The scientist are concerning about the effects of the global climate change in the Polar Regions.
The observations are made from three European Space Agency satellites which are continuously observing more than 415,000 square miles or 1,075,000 square km from 18 years.
Up to 2003, the volume of decline of the Antarctic ice was meager, where at one side West Antarctica losing out and the East Antarctica gaining the ice balancing the overall volume, but after 2003, the West Antarctica is losing and the East is not gaining.
Glaciologist Helen Fricker of the Scripps Institution of Oceanography at the University of California, San Diego said, “There has been more and more ice being lost from Antarctica’s floating ice shelves.”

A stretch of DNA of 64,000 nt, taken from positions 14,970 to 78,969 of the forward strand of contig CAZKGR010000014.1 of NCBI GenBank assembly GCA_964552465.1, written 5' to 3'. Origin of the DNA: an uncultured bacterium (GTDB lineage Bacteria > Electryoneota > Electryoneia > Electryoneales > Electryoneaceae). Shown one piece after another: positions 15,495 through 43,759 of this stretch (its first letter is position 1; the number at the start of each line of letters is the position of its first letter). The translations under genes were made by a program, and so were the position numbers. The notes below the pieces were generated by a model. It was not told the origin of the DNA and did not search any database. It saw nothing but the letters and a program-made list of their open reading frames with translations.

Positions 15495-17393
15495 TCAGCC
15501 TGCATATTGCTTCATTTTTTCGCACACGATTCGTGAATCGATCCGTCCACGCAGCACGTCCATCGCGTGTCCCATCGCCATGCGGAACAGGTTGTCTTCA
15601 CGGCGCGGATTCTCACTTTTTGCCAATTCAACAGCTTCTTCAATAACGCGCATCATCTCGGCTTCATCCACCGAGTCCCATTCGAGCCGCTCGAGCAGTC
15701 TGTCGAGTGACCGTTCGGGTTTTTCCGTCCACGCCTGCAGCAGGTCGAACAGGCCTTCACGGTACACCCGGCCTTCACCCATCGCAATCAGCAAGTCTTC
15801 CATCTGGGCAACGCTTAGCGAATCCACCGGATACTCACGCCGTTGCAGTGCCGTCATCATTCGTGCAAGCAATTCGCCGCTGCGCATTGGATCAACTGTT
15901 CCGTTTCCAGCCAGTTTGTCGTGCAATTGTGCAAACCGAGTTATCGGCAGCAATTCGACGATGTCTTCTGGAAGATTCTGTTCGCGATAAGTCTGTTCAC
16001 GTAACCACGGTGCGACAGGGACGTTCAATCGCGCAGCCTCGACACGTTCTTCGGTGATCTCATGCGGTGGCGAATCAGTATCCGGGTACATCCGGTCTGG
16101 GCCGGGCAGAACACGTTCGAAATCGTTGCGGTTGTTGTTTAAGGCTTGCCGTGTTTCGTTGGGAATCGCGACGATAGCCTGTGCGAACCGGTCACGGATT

Scripps geophysics doctoral candidate Fernando Paolo said, “If the loss rates that we observed during the past two decades are sustained, some ice shelves in the Amundsen and Bellingshausen seas could disappear within this century.”
The scientists say that the melting of the ice shelves does not directly affect sea level because they are already floating.
Paolo added, “This is just like your glass of gin and tonic. When the ice cubes melt, the level of liquid in the glass does not rise.”
The floating ice shelves provide restraining force to land based ice and the reduction in land based ice would cause the ice from land into ocean increasing the sea levels.
Fricker said, “While it is fair to say that we’re seeing the ice shelves responding to climate change, we don’t believe there is enough evidence to directly relate recent ice shelf losses specifically to changes in global temperature.”